Sunday, September 26, 2021
HomeRecommendedSo why are things going to the hot spot in a handbasket?

So why are things going to the hot spot in a handbasket?

Because we are being governed by a bunch of winos and dope heads, that’s why.

A new report says that adults in Washington D.C. abuse alcohol more than anyone else in the country.

According to a new study by the Substance Abuse and Mental Health Services Administration (SAMHSA), 8.1 percent of adults age 26 or older in D.C. are alcohol dependent. Looking at a long-term sampling, alcohol abuse rate is on the rise for the District, according to the survey.

The Washington Examiner first reported the story, noting that alcohol abuse has been a chronic issue in the District, affecting residents from the city’s streets to former First Lady Betty Ford in the White House.

D.C. was also among the 10 states where residents most frequently reported smoking marijuana within the last month. Alaskan residents inhale the most, according to the survey, with 11.5 percent of residents saying the [sic] lit up with [sic] four weeks of the survey.

Cocaine use in the District was also high. The survey says that while D.C. residents age 17 and under reported some of the lowest cocaine use in the country, District adults were among the top coke users in the United States, with 3.78 percent of residents saying they had used over a one year period.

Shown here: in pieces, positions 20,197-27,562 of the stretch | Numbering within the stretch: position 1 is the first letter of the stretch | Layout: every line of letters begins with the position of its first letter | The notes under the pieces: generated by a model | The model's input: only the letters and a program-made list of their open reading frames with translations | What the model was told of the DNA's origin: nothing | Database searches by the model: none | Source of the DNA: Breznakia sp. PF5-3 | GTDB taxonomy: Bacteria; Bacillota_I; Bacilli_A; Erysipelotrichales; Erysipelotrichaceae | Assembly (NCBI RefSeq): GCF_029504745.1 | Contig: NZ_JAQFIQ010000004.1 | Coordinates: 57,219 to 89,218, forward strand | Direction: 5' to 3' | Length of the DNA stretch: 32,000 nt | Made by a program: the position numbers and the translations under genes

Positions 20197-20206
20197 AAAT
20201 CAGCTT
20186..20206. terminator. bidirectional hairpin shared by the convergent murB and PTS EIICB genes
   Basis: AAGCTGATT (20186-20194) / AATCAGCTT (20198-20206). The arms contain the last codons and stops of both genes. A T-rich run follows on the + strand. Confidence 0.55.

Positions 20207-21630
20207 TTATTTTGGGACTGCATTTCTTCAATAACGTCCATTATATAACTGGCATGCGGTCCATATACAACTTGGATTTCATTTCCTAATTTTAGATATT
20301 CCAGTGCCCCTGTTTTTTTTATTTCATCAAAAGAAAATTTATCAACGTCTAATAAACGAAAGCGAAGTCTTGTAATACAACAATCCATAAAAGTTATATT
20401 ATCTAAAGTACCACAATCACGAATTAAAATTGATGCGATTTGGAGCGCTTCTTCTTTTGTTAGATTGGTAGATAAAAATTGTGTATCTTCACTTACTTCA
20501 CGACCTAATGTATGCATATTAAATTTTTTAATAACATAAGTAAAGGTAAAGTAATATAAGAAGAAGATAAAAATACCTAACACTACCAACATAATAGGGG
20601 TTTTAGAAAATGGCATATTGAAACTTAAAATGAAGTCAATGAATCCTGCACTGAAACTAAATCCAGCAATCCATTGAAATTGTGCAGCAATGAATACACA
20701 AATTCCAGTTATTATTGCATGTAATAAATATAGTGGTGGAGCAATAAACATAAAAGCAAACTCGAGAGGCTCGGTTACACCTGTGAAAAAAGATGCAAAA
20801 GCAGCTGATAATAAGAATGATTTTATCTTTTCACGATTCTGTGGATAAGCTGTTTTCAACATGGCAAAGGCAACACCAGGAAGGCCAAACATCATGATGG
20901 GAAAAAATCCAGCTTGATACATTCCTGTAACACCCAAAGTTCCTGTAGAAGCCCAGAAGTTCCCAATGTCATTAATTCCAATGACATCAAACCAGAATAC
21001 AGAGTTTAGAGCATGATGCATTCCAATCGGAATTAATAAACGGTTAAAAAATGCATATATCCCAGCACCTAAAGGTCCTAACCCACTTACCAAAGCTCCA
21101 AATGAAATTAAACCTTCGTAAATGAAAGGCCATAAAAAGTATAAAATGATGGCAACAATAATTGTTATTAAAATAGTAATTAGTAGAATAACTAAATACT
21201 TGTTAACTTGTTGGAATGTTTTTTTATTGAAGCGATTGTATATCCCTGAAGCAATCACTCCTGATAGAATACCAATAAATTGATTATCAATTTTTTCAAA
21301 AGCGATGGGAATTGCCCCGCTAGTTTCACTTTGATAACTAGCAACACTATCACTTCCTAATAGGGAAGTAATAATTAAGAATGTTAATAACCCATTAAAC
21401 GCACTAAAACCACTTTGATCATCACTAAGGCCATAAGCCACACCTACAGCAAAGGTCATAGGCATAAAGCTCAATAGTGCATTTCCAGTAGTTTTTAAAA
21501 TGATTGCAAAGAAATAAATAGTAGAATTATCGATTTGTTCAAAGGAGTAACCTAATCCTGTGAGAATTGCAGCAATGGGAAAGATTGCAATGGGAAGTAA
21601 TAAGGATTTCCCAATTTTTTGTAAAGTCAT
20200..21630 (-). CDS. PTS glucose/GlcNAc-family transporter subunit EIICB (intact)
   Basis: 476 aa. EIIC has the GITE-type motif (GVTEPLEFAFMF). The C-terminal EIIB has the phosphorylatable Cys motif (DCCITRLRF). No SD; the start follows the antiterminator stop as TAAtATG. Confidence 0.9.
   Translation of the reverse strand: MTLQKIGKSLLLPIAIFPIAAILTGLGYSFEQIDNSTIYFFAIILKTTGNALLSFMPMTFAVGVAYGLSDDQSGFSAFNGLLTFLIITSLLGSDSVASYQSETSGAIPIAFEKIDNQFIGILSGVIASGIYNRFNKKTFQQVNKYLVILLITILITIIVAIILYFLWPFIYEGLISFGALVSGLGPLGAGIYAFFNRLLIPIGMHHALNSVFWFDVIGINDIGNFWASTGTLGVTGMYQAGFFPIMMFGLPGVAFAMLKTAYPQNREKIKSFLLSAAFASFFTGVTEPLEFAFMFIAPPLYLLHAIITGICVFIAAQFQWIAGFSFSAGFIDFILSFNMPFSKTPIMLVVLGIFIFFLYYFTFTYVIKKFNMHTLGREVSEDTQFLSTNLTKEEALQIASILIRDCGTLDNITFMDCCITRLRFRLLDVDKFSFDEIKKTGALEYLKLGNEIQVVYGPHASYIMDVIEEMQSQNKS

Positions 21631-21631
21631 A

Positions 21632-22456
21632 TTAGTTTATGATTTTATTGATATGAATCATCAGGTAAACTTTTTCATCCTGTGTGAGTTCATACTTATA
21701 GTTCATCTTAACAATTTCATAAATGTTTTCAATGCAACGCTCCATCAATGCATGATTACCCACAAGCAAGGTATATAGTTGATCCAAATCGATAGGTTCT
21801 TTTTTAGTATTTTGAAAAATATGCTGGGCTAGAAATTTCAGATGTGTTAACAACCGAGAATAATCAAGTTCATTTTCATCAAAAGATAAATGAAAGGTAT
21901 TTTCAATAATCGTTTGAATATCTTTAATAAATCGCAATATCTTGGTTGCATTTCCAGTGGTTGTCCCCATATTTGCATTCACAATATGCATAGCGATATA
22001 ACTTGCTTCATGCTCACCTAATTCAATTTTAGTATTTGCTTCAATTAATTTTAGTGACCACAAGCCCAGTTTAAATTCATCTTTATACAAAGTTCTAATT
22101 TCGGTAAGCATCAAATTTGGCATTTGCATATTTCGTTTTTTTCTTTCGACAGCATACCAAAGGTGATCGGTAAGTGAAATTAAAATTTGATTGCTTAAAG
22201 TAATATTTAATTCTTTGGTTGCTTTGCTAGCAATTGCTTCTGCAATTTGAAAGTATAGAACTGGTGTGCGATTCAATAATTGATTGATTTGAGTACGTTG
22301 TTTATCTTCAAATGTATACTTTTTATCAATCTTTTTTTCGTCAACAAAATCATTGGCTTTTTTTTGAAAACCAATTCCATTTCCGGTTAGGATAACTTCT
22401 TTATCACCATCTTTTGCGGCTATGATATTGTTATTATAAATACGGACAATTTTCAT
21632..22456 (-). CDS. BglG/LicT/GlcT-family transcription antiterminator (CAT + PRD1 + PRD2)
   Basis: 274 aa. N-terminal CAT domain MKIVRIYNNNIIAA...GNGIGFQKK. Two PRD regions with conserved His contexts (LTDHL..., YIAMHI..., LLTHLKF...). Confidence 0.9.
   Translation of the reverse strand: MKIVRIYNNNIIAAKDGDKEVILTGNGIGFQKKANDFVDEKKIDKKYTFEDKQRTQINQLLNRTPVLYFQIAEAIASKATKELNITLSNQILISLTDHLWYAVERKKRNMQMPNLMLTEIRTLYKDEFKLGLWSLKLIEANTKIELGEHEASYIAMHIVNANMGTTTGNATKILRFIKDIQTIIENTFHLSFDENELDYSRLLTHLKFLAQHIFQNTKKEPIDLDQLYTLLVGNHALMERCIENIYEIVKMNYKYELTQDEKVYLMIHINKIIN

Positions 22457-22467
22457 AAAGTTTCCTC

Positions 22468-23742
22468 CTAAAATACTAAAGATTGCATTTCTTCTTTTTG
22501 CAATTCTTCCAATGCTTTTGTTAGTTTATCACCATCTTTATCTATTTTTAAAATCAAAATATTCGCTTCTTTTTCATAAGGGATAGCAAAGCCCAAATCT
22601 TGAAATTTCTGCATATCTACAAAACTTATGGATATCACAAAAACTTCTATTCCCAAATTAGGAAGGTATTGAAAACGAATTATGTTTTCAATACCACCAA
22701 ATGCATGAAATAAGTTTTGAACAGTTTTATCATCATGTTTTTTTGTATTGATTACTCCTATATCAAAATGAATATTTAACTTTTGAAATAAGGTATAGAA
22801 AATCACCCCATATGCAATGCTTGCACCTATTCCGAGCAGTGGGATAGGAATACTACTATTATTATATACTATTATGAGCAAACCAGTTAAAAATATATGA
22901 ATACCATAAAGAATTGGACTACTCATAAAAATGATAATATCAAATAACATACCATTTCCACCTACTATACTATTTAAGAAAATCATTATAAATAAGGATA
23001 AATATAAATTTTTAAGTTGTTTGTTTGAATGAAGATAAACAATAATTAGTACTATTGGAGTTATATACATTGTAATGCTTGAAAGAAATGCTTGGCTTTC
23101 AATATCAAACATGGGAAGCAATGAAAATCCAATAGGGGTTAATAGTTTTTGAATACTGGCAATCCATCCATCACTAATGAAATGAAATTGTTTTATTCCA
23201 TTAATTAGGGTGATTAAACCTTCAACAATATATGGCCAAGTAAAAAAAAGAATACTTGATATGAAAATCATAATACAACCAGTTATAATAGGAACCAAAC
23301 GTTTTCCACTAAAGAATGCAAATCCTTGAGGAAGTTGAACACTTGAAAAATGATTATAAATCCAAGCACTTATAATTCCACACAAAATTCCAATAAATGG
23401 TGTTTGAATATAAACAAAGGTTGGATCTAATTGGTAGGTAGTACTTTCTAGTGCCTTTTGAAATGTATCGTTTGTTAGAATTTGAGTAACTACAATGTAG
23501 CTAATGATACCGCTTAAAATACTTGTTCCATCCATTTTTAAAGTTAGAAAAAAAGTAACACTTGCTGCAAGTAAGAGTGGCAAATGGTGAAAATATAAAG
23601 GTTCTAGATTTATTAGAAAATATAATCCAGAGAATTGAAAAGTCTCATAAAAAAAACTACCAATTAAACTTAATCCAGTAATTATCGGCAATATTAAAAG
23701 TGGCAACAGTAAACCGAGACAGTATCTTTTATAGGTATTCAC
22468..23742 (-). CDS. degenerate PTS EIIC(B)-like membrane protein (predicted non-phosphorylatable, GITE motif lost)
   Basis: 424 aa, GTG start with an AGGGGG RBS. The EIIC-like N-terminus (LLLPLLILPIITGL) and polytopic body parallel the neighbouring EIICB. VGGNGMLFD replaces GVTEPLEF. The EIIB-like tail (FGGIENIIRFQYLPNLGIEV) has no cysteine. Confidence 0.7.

Yes, read that last paragraph again. It’s not the kids snorting the blow, it’s the adults. Maybe even including The Only Adult in the Room, if his past is prologue.

And yes, you remember right: After Obama’s last physical, the physician recommended that he cut down on his hooch consumption. Isn’t that pathetic that you have to go to an overseas newspaper and read to the last line to find out that our president is a lush, but you sure knew Pres. Bush drank when he was in college didn’t you?

Guys, lay off the likker and drugs. We’ve got a problem out here, and it’s that little three letter word: J. O. B. S.

Queen Hotchibobo
I was born in Saginaw, Michigan, and I grew up in a house on Saginaw Bay. My daddy was a poor, hardworking Saginaw fisherman. Too many times he came home with too little pay. Naw, not really, but it sounds more interesting than the real bio, so there you are.

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